India 435 for 6 (Pujara 164*, Saha 59*) trail Australia 451 by 16 runs
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Cheteshwar Pujara faced over 400 balls in his innings © Associated Press
Cheteshwar Pujara and Wriddhiman Saha took India close to parity with Australia on the fourth morning of the Ranchi Test, as a pair of DRS close calls went in favour of the hosts.
Pat Cummins, who again bowled with great quality for the tourists, had Saha given out lbw with his first ball of the day, but the batsman’s referral showed the ball to be missing leg stump by millimetres.
Closer to lunch, Pujara was given out lbw to a delivery that Nathan Lyon straighted down the line of the stumps from around the wicket, but his review showed the ball to be spinning too much and also sliding past leg stump.
These moments allowed Pujara to carry on past 150 in a performance that effectively matched the big hundred made by Australia’s captain Steven Smith. Likewise, Saha was able to hang in the middle to frustrate a touring team that had started the day with hopes of quickly rolling up the India tail and setting a fourth-innings target.
Cummins had briefly enjoyed the sensation of claiming a fifth wicket of the innings in his return to Test cricket nearly six years after his storied debut against South Africa in Johannesburg. Saha was nowhere near a ball angled into him, and there was some discussion with Pujara before he reviewed. The Australians were floored when ball-tracking showed the ball to be missing leg stump.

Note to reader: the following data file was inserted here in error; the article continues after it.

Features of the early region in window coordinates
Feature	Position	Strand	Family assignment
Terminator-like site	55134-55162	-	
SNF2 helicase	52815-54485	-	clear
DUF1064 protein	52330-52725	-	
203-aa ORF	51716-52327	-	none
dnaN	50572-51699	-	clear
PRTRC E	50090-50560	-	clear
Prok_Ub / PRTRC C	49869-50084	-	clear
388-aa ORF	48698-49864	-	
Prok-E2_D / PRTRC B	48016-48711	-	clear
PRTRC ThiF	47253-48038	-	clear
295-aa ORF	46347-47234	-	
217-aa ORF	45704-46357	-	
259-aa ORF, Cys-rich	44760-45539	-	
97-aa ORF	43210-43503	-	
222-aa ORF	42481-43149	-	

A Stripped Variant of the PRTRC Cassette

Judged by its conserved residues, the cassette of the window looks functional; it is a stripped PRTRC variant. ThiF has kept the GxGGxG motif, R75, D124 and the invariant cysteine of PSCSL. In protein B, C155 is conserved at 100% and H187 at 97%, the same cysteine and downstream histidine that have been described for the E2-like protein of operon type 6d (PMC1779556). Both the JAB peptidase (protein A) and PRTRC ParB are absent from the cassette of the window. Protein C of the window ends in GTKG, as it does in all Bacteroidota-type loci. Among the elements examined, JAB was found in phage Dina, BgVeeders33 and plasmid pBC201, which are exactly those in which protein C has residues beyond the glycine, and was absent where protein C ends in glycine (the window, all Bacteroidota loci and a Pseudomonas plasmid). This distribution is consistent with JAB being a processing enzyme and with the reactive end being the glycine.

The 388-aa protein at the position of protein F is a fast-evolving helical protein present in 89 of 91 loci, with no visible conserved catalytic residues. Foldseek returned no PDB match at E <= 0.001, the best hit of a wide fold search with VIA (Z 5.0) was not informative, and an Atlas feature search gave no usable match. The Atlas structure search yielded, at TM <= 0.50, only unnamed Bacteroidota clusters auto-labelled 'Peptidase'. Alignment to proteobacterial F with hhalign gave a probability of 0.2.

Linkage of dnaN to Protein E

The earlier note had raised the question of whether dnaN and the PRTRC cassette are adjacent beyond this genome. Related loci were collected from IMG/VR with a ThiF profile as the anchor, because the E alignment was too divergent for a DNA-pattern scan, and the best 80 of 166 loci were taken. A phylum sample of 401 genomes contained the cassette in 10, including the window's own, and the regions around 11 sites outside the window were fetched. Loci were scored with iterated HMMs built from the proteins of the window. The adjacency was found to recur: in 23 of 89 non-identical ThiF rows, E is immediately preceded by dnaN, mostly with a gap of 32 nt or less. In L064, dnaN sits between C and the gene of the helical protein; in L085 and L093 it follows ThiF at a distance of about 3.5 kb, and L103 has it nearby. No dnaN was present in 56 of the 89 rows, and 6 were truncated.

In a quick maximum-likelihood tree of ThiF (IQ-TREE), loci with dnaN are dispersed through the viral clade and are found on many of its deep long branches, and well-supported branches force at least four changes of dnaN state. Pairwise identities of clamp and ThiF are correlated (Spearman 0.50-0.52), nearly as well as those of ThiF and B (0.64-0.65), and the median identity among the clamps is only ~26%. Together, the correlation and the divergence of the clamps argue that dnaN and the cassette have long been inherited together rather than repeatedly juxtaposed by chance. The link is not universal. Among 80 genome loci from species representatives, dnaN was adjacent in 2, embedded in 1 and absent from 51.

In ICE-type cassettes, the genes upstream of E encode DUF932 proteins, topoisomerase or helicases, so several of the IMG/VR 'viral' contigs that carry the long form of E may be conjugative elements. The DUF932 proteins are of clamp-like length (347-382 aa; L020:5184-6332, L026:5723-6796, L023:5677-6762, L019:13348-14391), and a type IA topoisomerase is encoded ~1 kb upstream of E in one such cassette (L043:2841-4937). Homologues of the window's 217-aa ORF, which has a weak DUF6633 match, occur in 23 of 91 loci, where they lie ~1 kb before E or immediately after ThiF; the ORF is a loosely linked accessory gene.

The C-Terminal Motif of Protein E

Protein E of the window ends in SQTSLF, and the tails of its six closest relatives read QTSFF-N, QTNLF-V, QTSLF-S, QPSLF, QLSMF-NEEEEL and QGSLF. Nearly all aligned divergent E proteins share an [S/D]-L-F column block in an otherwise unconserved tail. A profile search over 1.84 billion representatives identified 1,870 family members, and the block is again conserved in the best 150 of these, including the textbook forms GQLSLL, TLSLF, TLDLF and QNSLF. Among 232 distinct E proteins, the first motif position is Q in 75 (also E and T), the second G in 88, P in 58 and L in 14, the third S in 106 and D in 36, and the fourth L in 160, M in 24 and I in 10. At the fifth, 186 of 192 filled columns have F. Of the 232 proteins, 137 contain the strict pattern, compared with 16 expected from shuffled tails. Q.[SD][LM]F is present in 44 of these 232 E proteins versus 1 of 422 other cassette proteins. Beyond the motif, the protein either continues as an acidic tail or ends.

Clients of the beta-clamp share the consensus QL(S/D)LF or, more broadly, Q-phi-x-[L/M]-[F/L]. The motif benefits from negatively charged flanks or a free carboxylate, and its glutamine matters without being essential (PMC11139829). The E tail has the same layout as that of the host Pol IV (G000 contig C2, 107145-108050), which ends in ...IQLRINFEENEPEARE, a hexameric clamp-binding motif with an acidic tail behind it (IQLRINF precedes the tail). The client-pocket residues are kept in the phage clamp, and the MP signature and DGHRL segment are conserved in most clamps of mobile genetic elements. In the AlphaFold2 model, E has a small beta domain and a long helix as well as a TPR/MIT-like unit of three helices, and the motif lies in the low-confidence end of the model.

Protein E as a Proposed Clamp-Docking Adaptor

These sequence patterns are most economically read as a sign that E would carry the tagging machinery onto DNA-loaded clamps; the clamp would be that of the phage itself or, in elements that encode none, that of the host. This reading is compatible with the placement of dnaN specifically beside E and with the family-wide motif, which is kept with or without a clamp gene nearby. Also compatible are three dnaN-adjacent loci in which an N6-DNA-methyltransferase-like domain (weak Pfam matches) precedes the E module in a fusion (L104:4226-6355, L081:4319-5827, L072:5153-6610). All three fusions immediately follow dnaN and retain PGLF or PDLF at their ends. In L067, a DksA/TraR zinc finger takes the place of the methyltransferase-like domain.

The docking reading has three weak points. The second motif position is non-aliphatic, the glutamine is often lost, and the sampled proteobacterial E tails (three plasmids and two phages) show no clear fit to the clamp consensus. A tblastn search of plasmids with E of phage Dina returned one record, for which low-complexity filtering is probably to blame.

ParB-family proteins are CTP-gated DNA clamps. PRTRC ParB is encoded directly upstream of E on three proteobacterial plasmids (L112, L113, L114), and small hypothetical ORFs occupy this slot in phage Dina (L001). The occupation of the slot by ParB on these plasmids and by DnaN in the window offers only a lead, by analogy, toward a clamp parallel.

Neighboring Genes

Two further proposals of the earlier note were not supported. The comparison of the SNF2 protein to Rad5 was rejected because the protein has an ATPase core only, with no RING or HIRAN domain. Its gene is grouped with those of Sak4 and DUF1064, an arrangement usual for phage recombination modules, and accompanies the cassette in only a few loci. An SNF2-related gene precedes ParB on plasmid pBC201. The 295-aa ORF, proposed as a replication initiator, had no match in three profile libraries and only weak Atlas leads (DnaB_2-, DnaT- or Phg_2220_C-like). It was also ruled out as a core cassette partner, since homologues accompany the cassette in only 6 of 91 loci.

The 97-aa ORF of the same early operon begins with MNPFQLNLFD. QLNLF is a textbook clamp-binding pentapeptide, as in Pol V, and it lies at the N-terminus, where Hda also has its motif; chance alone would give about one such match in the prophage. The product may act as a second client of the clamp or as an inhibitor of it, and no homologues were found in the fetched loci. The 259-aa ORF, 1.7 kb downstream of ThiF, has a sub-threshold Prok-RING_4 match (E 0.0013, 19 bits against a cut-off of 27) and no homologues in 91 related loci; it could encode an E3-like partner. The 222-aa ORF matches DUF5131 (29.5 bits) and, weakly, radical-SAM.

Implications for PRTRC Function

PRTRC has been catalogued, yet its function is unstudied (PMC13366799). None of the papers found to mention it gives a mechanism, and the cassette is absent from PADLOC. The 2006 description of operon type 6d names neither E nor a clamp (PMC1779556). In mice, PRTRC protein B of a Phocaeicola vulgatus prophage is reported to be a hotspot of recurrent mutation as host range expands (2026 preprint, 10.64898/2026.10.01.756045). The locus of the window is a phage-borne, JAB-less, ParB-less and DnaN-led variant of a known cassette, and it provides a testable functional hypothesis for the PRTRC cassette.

From there, Pujara and Saha accumulated slowly against bowling that remained disciplined under an overcast sky that compelled the umpires to turn on the stadium floodlights. Pujara’s 150 was a marker of his concentration and temperament against bowling that rarely lapsed into looseness.
Lyon was not used until midway through the session, and from around the stumps he appeared to have found a way to winkle out Pujara when the umpire Ian Gould raised his finger in response to the lbw appeal. However, HawkEye again went India’s way.
Shortly before the interval, Lyon again appealed and then referred, this time for caught behind when Saha essayed a sweep shot. But replays found no evidence of contact and left the Australians having made no progress for their morning’s efforts. India, by contrast, had plenty to be happy about.
Daniel Brettig is an assistant editor at ESPNcricinfo. @danbrettig
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Source: ESPN Crickinfo